Dialysis and renal diseases243.8
Parenteral nutrition243.8
Psychiatric diseases152.4
Stem cell/marrow transplantation142.2
Thyroid diseases81.3
Unbalanced diet61.0
Hypoxic encephalopathy20.3
Unknown etiology193.0

The level of suspicion for WE should be high in all clinical conditions that could lead to thiamine deficiency in the absence of alcoholism (GPP). After bariatric surgery we recommend follow-up of the thiamine status for at least 6 months (Recommendation Level B).

Which clinical features accurately identify WE?

Table 4 lists the studies comparing autopsy series (including ≥3 cases) with clinical features of patients with acute WE. Most patients were alcoholics. Consecutive autopsies were collected without knowledge of clinical data. However, it is unknown whether the clinical data evaluation was blinded to autopsy results; thus all these studies are considered Class IV. The classical diagnostic triad (eye signs, cerebellar signs and confusion) was reported only in 8% of patients with clinical details. Although it should be considered as a minimum estimate due to a possible reporting bias, this figure prompts the need to reconsider diagnostic criteria for in-life diagnosis of WE. Caine et al. [9] (Class II) studied clinical features of 28 autopsy-proven alcoholic patients with WE that were well-evaluated during life. They divided signs and symptoms into eight clinical domains (see Table 4 for definitions): dietary deficiencies, eye signs, cerebellar signs, seizures, frontal lobe dysfunction, amnesia, mild memory impairment, and altered mental state. Reproducibility and validity of the criteria were then tested on 106 autopsied alcoholic patients. Clinical records of the patients were blindly reviewed by three researchers: sensitivity of each domain (recalculated from the paper) ranged from 20% (seizures) to 75% (cerebellar signs). Sensitivity of the classic triad was 23%, but rose to 85% if the patients had at least two of the four following features: dietary deficiencies, eye signs, cerebellar signs, and either mild memory impairment or an altered mental state.

Table 4.   Clinical features of patients with an autopsy proved diagnosis of Wernicke encephalopathy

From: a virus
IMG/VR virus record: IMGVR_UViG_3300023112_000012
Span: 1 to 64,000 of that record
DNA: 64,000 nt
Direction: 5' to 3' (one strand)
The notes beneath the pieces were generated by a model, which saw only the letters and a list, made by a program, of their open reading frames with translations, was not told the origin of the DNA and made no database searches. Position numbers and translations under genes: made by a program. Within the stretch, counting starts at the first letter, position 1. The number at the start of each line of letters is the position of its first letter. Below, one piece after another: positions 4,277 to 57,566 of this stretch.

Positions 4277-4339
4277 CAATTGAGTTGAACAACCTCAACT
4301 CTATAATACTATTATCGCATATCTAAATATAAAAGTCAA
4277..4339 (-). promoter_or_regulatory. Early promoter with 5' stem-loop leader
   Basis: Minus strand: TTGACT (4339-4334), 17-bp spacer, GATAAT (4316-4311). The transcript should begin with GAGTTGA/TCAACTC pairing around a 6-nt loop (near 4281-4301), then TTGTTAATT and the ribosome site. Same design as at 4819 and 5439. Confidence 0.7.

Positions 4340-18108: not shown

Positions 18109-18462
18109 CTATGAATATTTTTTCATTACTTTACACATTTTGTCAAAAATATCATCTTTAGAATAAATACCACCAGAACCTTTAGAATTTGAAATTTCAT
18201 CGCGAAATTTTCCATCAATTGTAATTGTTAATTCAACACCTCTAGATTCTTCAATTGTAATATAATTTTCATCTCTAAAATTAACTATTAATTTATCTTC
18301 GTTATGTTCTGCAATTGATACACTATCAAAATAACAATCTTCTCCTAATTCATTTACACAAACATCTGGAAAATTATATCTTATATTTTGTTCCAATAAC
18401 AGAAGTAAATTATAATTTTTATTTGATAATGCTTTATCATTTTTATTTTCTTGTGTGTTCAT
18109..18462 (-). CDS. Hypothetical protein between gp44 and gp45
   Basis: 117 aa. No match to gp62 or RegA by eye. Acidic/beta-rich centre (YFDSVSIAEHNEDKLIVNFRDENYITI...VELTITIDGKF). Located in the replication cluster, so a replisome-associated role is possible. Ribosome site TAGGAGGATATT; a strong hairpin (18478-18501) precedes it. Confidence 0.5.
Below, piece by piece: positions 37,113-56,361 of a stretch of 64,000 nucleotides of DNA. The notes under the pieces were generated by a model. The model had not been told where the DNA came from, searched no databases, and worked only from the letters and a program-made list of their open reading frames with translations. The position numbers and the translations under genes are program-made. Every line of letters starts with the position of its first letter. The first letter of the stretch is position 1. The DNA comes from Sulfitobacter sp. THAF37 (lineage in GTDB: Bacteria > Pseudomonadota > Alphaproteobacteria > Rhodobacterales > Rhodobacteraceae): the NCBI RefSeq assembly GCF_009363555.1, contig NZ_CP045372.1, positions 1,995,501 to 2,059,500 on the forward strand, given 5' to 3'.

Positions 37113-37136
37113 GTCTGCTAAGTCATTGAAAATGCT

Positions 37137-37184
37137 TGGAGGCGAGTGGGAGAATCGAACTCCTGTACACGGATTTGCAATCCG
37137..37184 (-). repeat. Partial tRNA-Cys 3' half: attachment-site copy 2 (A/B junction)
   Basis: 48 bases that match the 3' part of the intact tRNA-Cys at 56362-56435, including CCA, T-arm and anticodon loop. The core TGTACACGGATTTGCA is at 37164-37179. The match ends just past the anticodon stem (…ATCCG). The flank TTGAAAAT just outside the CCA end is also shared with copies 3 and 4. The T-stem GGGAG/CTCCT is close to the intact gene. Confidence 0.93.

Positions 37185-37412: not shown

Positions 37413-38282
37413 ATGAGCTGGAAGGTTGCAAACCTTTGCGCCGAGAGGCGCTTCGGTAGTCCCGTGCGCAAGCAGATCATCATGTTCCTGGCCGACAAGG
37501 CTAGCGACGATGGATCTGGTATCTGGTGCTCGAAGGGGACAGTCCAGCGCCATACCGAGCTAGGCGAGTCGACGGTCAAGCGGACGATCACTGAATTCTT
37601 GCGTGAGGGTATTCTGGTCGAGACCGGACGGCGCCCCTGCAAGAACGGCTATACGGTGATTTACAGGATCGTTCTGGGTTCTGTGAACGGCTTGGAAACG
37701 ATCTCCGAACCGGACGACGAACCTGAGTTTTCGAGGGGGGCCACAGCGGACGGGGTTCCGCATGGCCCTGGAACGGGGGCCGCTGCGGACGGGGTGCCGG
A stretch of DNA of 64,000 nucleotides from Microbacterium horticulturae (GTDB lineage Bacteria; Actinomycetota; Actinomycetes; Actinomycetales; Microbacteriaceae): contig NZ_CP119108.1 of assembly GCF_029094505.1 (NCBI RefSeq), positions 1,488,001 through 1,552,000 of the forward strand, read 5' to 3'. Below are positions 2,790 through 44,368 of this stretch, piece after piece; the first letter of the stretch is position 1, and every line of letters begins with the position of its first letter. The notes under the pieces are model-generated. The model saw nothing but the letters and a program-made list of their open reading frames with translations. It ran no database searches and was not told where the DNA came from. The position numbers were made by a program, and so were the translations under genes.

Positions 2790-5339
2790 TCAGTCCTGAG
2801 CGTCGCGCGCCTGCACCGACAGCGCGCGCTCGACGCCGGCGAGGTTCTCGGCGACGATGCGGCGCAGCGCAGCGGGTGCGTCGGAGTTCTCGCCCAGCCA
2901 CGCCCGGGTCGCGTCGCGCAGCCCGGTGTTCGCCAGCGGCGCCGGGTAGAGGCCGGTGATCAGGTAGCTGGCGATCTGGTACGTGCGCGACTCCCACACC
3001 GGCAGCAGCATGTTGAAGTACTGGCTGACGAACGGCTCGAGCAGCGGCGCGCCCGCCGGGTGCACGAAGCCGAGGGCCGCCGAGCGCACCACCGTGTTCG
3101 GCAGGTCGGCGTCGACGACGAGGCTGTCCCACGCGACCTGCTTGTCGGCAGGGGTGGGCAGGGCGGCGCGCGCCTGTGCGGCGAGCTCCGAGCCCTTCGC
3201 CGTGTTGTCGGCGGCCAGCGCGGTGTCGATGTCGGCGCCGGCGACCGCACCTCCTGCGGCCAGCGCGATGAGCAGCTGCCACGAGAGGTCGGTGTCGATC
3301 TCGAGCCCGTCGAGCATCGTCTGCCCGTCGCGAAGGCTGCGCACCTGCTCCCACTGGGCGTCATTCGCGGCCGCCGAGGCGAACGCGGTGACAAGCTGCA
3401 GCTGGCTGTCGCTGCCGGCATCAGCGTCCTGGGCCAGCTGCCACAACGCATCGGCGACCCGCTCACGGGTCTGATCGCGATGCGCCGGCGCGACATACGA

Authors [reference]Evidence classTotal no. of patientsDietary deficienciesNausea and vomitingAny eye signCerebellar signsSeizuresAmnesia, mild memory impairmentAltered mental stateTriad
  1. Empty cell = not mentioned; 0 = specified as absent.

  2. Definition of domains [9] Domain 6 and 7 are combined in the table. Domain 5 was sporadically mentioned in the papers and it is not included here.

  3. (i) dietary deficiencies (a body mass index lower than 2 SD below normal as evidence of undernutrition, a history of grossly impaired dietary intake, or an abnormal thiamine status); the column including nausea and vomiting is added here, but they were not considered by Caine et al. (ii) eye signs (oculomotor abnormalities such as ophthalmoplegia, nystagmus, or gaze palsy); (iii) cerebellar signs (ataxia, unsteadiness, abnormalities of past pointing, dysdiadokokinesia, impaired heel-shin testing); (iv) seizures (either as part of a withdrawal syndrome or in isolation, or a longstanding history of anticonvulsant medication); (v) frontal lobe dysfunction (abnormalities in planning, insight, or abstraction with formal neuropsychological testing or when neurological examination elicited these characteristics); (vi) amnesia (a stable and persisting inability to form new memories); (vii) mild memory impairment (failure to remember two or more words in the four item memory test, or impairment on more elaborate neuropsychological tests of memory function); (viii) altered mental state (disorientation in two of three fields, confused, an abnormal digit span, or comatose).

Cravioto [38]IV2814 95  264
Grunnet [61]IV241 9344170
Torvik [41]IV19  40  180
Harper [62]IV97  2836 294116
Lindboe [46]IV18  30  110
Naidoo [49]IV171802  90
Vege [51]IV421001230
Ogershok [59]IV43 41  41
Bleggi-Torres [63]IV8  30  60
Harper [56]IV18  0336 0
Bertrand [58]IV19  215 1910
Total N (%) 25621 (8.2)9 (3.5)62 (24.2)65 (25.4)8 (3.1)60 (23.4)136 (53.1)21 (8.2)

Thiamine deficiency may also result in other manifestations such as dry beriberi (neuropathy), wet beriberi (neuropathy with high-output congestive heart failure), gastrointestinal beriberi (abdominal pain, vomiting and lactic acidosis) and coma followed by Marchiafava-Bignami syndrome [10,11]. Heart failure with lactic acidosis is an important syndrome to be noted, because several papers have reported favourable outcome after thiamine treatment [12,13].


The clinical diagnosis of WE in alcoholics requires two of the following four signs; (i) dietary deficiencies, (ii) eye signs, (iii) cerebellar dysfunction, and (iv) either an altered mental state or mild memory impairment (Level B). It is reasonable to apply the same criteria to non alcoholic patients (GPP).

Are clinical features of alcoholic WE different from non-alcoholic WE?